A traveling exhibit with the Smithsonian is coming to Windsor.
Beginning today, the Windsor Art & Heritage Center will host a Spanish/English exhibit on the bracero program, the largest Mexican guest-worker program in American history. The Town of Windsor Museum submitted an application and was selected by the Smithsonian to host the exhibit, which will be on display through Jan. 27 and includes oral histories, quotes and photographs by Leonard Nadel, a famous photographer who documented mistreatment of bracero workers in 1956. After it stops in Windsor, the exhibit will continue on to museums across the country on a two-year tour.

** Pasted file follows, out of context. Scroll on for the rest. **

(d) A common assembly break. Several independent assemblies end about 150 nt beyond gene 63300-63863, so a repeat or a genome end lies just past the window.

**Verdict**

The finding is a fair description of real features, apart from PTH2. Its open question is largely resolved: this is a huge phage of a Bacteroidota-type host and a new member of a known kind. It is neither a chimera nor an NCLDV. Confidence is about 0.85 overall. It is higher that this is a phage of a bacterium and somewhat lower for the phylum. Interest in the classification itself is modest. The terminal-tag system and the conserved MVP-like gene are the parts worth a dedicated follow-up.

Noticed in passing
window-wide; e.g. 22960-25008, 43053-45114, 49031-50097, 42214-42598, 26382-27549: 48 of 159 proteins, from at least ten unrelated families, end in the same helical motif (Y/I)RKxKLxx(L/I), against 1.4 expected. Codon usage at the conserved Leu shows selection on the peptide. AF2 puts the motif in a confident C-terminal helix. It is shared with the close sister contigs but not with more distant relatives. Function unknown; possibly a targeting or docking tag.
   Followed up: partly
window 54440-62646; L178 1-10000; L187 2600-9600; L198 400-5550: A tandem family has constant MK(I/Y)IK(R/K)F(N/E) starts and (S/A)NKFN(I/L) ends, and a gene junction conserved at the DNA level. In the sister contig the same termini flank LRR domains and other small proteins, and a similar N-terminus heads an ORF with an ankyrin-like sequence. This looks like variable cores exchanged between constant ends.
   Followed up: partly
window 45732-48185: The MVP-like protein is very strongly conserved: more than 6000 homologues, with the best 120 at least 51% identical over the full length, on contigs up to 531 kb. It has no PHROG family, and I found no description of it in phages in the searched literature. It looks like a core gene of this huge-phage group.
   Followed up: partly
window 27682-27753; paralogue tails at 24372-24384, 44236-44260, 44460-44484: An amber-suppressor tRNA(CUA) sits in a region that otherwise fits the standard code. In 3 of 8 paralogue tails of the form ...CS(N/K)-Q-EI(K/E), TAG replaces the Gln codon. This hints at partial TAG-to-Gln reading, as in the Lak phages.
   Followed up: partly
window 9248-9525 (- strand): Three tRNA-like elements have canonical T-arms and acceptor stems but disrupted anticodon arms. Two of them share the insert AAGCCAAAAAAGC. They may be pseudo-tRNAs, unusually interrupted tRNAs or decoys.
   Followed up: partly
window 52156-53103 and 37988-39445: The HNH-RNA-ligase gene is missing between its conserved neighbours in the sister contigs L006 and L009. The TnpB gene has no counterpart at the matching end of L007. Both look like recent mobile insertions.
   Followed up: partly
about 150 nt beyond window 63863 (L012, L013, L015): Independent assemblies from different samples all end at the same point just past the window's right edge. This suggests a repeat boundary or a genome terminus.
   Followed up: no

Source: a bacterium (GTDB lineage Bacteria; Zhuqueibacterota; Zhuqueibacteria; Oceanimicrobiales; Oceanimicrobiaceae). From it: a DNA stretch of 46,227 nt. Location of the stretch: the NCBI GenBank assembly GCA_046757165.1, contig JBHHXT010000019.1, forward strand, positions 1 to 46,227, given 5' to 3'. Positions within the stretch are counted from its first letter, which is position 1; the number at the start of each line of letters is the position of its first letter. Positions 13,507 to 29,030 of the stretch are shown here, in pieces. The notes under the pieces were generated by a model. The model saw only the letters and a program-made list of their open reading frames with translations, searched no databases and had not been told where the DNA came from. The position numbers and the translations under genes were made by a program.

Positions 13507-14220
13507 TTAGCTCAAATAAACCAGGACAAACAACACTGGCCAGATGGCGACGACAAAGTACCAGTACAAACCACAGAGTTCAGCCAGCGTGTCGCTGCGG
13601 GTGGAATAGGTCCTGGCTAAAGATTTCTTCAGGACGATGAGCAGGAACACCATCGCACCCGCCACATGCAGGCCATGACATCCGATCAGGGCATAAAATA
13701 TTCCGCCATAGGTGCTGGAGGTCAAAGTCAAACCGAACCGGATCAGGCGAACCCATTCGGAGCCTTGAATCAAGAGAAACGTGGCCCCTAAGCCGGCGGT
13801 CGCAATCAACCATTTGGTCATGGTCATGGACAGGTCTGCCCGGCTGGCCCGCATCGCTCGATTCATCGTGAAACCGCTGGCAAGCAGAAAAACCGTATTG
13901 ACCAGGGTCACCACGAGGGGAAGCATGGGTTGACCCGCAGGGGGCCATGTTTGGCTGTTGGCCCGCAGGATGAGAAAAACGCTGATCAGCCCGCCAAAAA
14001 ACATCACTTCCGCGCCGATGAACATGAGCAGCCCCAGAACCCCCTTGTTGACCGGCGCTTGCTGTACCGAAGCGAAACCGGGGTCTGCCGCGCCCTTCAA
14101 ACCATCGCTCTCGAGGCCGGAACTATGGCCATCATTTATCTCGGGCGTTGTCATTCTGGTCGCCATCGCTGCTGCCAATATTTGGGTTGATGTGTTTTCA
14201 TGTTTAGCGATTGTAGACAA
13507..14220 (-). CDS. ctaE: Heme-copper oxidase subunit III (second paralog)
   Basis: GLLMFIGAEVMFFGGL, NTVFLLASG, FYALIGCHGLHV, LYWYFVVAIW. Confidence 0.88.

During World War II, the United States entered into an agreement with Mexico to allow railroad and field workers to fulfill a labor shortage the U.S. experienced during the war effort, said Priscilla Falcón, a professor of Hispanic studies at the University of Northern Colorado. The resulting bracero program, which lasted from 1942-64 and brought 4.6 million temporary workers to the U.S., was also a part of the economy in northern Colorado, Falcón said.
Curiously, the first several years of the program brought about 2,000 Jamaican laborers to the area, she said.
“Bracero” comes from the Spanish word for arm, Falcón said. “It was a labor-intensive program.”
Weather permitting, she said several braceros from northern Colorado will share their stories at the exhibit’s opening ceremony at 4:30 p.m. Saturday following her presentation of the program.